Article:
All Things Gardening forum: Suggestions for a shrub hedge, full sun

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springfield MO area (Zone 6a)
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Frillylily
May 16, 2016 8:33 AM CST
I have a couple of persian lilacs and a dynamite crepe myrtle, and a white hydrangea. I was going to use some golden vicary but someone told me theirs had pretty intensive roots that choked out surrounding stuff. So I tossed that idea. Wondering about nine bark? or a baby's breath spirea? Maybe some type of weigala. I need about 80 ft length filled in. I am doing this hoping to help deter deer, later I will add a 6 ft chainlink.
Name: Cheryl
Kingwood, Texas (Zone 9a)
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ShadyGreenThumb
May 16, 2016 2:17 PM CST
Does lorapetalum-Chinese Fringe grow in your area. They have pretty purple leaves with bright pink finge-y flowers in the spring. Needs hedging to keep it low-growing though can grow 10feet tall.
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Name: Deb
Pacific Northwest (Zone 8b)
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Bonehead
May 16, 2016 4:53 PM CST
I have a mixed shrub border along our driveway that gets very little attention (out of range for hoses). I've just picked up inexpensive shrubs over the years for a pretty random look. My all-around favorite is Burning Bush (Euonymus alatus) I do absolutely no pruning on this shrub, and it grows into a nice rounded form about 5' tall and wide, white flowers in spring, gorgeous fall color, and berries in the winter. No insect or disease problems. I realize this has been way over-used in parking lot plantings, usually prune-tortured into little balls or short square hedges (neither is a look I enjoy). I also realize it has escaped cultivation in parts of the east coast and has become an invasive (not sure how extensive this has become but certainly something to consider). It has not multiplied at all for me.

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Name: Sean B Murray
Riverhead, NY (Zone 7a)
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Whitebeard
May 16, 2016 5:58 PM CST
As you have a deer problem, my suggestion is to stay clear of the euonymus. The deer will eat them up. Ornamental grasses would work well. They are easy and the deer won't touch them, and there are plenty of choices. Karl Foerster's Feather Reed Grass (Calamagrostis x acutiflora 'Karl Foerster') is an award winner and very easy to grow. Russian sage is also a solid choice. It has a very long bloom time and the deer won't touch it. Loves sun, and thrives in poor soil. Weigela florida would work well, as would Scottish brooms (although many are aggressive.) 'Lena' is a sterile hybrid and has done very well for me. I haven't grown ninebark but that seems a solid choice, as does spiraea, yet these days many of the spiraea cultivars that are sold are perhaps smaller than what you're looking for.

Deer are not easy, but you do well to plant the things that they won't demolish. I'm always in that battle. Good luck and happy growing.
Name: Amanda
KC metro area, Missouri (Zone 6a)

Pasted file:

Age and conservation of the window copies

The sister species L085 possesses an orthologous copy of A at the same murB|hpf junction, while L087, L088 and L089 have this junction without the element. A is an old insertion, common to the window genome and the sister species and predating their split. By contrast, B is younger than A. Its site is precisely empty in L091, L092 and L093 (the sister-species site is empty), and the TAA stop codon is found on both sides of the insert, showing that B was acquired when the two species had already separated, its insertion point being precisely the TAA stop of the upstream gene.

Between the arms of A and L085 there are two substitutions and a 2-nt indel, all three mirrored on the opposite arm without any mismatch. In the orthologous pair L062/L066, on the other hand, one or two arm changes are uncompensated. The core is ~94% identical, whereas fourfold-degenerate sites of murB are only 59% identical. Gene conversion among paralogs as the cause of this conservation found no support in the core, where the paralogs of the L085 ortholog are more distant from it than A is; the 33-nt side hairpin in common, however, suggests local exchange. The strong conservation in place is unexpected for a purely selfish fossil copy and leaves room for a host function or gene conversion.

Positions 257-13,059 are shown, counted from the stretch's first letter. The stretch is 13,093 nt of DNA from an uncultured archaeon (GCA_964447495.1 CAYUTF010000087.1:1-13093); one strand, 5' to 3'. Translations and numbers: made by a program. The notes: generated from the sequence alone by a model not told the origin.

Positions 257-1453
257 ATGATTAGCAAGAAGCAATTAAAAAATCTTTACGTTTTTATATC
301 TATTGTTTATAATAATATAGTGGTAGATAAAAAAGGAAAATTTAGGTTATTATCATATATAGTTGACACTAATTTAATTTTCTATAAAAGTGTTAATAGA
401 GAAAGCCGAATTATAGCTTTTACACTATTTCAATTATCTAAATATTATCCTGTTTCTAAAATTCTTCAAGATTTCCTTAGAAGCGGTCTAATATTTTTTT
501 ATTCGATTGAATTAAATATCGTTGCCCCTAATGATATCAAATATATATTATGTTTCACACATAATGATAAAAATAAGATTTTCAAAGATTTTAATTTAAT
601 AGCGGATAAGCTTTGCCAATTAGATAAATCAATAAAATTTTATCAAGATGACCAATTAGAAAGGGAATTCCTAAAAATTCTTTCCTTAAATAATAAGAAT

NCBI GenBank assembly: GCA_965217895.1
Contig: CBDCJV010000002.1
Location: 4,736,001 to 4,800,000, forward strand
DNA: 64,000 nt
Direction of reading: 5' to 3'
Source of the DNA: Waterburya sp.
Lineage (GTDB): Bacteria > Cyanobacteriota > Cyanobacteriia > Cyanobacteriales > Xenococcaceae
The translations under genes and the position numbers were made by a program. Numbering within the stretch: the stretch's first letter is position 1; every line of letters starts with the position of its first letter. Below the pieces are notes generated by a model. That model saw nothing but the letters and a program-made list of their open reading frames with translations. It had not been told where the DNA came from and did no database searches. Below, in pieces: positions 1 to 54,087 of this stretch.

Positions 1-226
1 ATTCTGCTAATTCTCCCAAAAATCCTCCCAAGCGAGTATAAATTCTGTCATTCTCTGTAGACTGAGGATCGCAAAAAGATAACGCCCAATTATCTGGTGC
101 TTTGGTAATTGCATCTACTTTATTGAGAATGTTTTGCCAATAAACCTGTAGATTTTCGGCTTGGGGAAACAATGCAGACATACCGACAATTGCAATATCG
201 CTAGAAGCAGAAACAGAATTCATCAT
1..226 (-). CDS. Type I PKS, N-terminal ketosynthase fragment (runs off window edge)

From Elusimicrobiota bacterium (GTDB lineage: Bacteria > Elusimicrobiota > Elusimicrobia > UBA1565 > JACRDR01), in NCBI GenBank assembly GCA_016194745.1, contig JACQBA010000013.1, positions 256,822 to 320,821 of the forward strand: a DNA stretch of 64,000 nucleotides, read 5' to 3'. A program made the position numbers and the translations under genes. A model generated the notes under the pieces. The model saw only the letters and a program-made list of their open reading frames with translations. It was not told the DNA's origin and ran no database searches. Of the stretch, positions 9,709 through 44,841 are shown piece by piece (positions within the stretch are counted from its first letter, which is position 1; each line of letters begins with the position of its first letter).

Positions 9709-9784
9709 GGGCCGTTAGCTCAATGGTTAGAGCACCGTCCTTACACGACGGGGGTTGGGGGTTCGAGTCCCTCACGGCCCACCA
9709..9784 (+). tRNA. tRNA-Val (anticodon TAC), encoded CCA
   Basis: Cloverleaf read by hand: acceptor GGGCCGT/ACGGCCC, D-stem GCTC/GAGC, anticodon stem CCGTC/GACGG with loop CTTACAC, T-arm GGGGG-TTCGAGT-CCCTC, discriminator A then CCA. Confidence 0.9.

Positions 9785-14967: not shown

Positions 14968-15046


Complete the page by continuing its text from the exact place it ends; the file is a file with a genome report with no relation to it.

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pepper23
May 16, 2016 6:01 PM CST
Ninebark, viburnums and serviceberry would work great. Diervilla rivularis is another good choice. It's a native version of bush honeysuckle, not the ones that are invasive.
[Last edited by pepper23 - May 16, 2016 6:02 PM (+)]
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Name: Deb
Pacific Northwest (Zone 8b)
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Bonehead
May 16, 2016 6:21 PM CST
Ah, I didn't catch the worry about deer. I certainly have deer on our property, but they rarely come up into the yard. I've been very fortunate in that way. I think they have enough natural habitat in our back 10 acres plus we always have a largish dog, so it just isn't worth their while to come bother my plants. I love to see them down at our pond, such graceful animals. Perhaps check with your local extension office to see if they have suggestions.
I want to live in a world where the chicken can cross the road without its motives being questioned.
springfield MO area (Zone 6a)
I was one of the first 300 contributors to the plant database! Plant Identifier
Frillylily
May 16, 2016 8:34 PM CST
yes, I have some burning bushes farther down on the property and the deer love to nip off the new growth every year. Thus, they don't get any bigger than what they were when I planted them. I do like them though other than that. I did not consider the viburnum but will look into that. I will also look into the service berry. I don't think grasses would give me the look I am wanting, but I may consider that depending on what else I choose to plant with it. I have some Russian Sage in the front yard and it does poorly, I guess the heavy soil-thinking it likes well draining soil. I even wondered about climbing roses since I am putting in a fence eventually. Not sure what would get large enough to look like a shrub though.
Name: Amanda
KC metro area, Missouri (Zone 6a)
Region: Missouri Cat Lover Dog Lover
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pepper23
May 16, 2016 8:43 PM CST
There are several roses that grow big as a shrub and can be trained to climb as well. Graham Thomas is one that can do that. The spot doesn't have to be all one plant either if you don't want. You can mix up roses with other plants. Maybe make it all one color scheme or colors that compliment each other.

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